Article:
Azure WebJobs is a great way to run asynchronous, long-running or periodic jobs alongside an Azure website. Since version 1.0.1 the WebJobs SDK supports instance methods to be scheduled or triggered instead of only static methods. So before 1.0.1 we could have a trigger method signature:

public class Functions
{
  public static void ProcessQueue([QueueTrigger("input")] string input) { ... }
}

And now the following signature is allowed:

public class Functions
{
  public void ProcessQueue([QueueTrigger("input")] string input) { ... }
}

A small difference so what does that give us? Well, when only static methods are allowed, dependency injection becomes a problem. Dependencies can only be injected into instances of classes and static methods can not access instance fields/properties.

Instance methods can access instance fields so in theory, starting with WebJobs SDK 1.0.1 we could inject dependencies into the class containing our WebJob trigger method. I’m using SimpleInjector as my dependency injection framework of choice so I thought I’d try and figure out how to use SimpleInjector to inject dependencies into my WebJob.

This is actually quite simple as you would expect with SimpleInjector 🙂 First create an implementation of IJobActivator that accepts a SimpleInjector container:

using Microsoft.Azure.WebJobs.Host;
using SimpleInjector;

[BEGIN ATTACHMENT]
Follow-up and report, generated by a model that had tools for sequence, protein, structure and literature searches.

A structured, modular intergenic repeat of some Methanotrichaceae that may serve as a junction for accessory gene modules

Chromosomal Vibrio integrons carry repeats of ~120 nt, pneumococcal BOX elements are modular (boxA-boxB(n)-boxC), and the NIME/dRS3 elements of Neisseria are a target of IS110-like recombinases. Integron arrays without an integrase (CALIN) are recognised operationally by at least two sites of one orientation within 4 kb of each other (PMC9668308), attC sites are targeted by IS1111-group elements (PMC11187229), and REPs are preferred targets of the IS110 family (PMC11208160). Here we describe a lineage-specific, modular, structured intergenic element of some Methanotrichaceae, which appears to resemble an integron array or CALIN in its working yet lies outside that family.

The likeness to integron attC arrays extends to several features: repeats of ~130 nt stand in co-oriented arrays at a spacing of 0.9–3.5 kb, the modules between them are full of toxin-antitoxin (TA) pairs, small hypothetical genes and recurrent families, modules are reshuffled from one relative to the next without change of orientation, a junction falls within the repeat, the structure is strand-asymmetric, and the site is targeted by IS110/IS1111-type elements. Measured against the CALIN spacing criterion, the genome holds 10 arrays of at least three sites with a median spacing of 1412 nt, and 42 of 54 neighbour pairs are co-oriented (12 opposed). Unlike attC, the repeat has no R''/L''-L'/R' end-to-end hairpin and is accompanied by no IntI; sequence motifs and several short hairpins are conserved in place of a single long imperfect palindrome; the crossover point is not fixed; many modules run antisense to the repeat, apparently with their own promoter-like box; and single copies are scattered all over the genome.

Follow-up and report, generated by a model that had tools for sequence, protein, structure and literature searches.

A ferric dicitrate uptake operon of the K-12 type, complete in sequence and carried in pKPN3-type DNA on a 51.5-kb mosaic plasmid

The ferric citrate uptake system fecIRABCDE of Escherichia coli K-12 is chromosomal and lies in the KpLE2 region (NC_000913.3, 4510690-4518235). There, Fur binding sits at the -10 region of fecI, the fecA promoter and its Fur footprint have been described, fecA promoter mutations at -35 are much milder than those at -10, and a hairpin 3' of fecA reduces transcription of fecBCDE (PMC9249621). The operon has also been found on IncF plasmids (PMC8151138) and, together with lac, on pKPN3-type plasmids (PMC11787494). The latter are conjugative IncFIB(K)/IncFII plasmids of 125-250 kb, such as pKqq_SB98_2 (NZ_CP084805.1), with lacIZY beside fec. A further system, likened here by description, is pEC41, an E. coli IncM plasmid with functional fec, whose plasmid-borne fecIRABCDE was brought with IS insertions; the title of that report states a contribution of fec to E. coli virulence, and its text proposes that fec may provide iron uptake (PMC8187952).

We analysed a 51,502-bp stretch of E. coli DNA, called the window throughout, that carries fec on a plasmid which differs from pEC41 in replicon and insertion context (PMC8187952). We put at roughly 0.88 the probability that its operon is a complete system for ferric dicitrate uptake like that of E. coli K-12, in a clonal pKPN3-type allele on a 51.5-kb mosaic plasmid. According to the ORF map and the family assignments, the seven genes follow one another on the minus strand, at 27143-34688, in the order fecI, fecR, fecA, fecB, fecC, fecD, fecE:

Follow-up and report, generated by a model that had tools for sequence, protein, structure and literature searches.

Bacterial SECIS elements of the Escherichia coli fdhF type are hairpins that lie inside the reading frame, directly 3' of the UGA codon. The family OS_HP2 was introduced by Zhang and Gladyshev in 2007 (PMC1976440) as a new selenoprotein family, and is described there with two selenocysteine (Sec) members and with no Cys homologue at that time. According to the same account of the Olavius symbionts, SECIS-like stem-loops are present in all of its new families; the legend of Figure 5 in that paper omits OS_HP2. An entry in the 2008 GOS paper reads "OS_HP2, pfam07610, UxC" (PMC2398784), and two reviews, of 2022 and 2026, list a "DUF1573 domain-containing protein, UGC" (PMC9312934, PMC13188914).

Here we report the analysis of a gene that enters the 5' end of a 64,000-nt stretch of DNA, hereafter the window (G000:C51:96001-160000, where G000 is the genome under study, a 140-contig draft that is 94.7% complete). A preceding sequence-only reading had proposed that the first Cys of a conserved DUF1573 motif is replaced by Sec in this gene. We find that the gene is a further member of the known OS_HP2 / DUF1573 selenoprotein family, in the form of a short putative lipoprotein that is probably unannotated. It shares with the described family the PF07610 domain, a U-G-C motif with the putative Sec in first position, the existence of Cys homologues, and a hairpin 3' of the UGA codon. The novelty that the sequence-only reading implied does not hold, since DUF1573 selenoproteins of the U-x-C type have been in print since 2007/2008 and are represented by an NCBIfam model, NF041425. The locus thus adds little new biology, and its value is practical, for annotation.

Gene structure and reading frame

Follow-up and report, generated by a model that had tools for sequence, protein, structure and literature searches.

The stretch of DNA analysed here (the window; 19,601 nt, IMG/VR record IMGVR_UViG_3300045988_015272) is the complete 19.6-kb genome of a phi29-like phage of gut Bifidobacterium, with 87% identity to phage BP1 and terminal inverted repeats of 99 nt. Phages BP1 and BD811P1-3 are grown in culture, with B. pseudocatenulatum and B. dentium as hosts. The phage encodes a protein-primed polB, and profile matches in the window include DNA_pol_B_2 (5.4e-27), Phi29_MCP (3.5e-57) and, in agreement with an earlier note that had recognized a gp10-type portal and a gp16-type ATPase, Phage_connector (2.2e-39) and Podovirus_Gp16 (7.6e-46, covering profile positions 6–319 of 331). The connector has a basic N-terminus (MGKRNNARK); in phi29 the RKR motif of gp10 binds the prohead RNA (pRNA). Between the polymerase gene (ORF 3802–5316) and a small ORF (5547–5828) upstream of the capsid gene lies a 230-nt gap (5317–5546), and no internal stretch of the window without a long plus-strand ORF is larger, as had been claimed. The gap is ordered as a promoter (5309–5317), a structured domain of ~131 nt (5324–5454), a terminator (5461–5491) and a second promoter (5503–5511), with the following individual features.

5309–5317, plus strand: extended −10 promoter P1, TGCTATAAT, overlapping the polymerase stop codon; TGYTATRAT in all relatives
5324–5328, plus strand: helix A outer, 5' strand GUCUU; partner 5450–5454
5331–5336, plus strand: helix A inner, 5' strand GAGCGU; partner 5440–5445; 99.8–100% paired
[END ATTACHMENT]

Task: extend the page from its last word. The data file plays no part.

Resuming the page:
public class MyJobActivator : IJobActivator
{
  private Container container;

  public MyJobActivator(Container container)
  {
    this.container = container;
  }

  public T CreateInstance()
  {
    return (T) container.GetInstance(typeof(T));
  }
}

Next step is to configure the JobHost to use our job activator. Note I also configure the SimpleInjector container.

// Configure SimpleInjector.
var container = new Container();
container.RegisterSingle<IDependency, Dependency>();

// Configure JobHost.
var jobHostConfiguration = new JobHostConfiguration
{
  JobActivator = new MyJobActivator(container)
};
var jobHost = new JobHost(jobHostConfiguration);

The class that has our WebJobs trigger method has the following signature:

public class Functions
{
  private IDependency dependency;

  // Constructor injection of IDependency.
  public Functions(IDependency dependency)
  {
    this.dependency = dependency;
  }

  public Task ProcessQueueAsync([QueueTrigger("input")] string input)
  {
    // Use dependency to handle queue message.
    await dependency.HandleInputAsync(input);
  }
}

You can call the JobHost start methods just as you did before. So for triggered jobs you use RunAndBlock, for scheduled jobs use one of the Call or CallAsync methods.

Ronald Wildenberg

Author Ronald Wildenberg

Coming from an Artificial Intelligence background, turned developer after graduating. Interested in the tiny programming language details that make your life simpler but also in high-level designs that solve business problems in the most efficient way. And everything in between of course.

More posts by Ronald Wildenberg
3 July 2015

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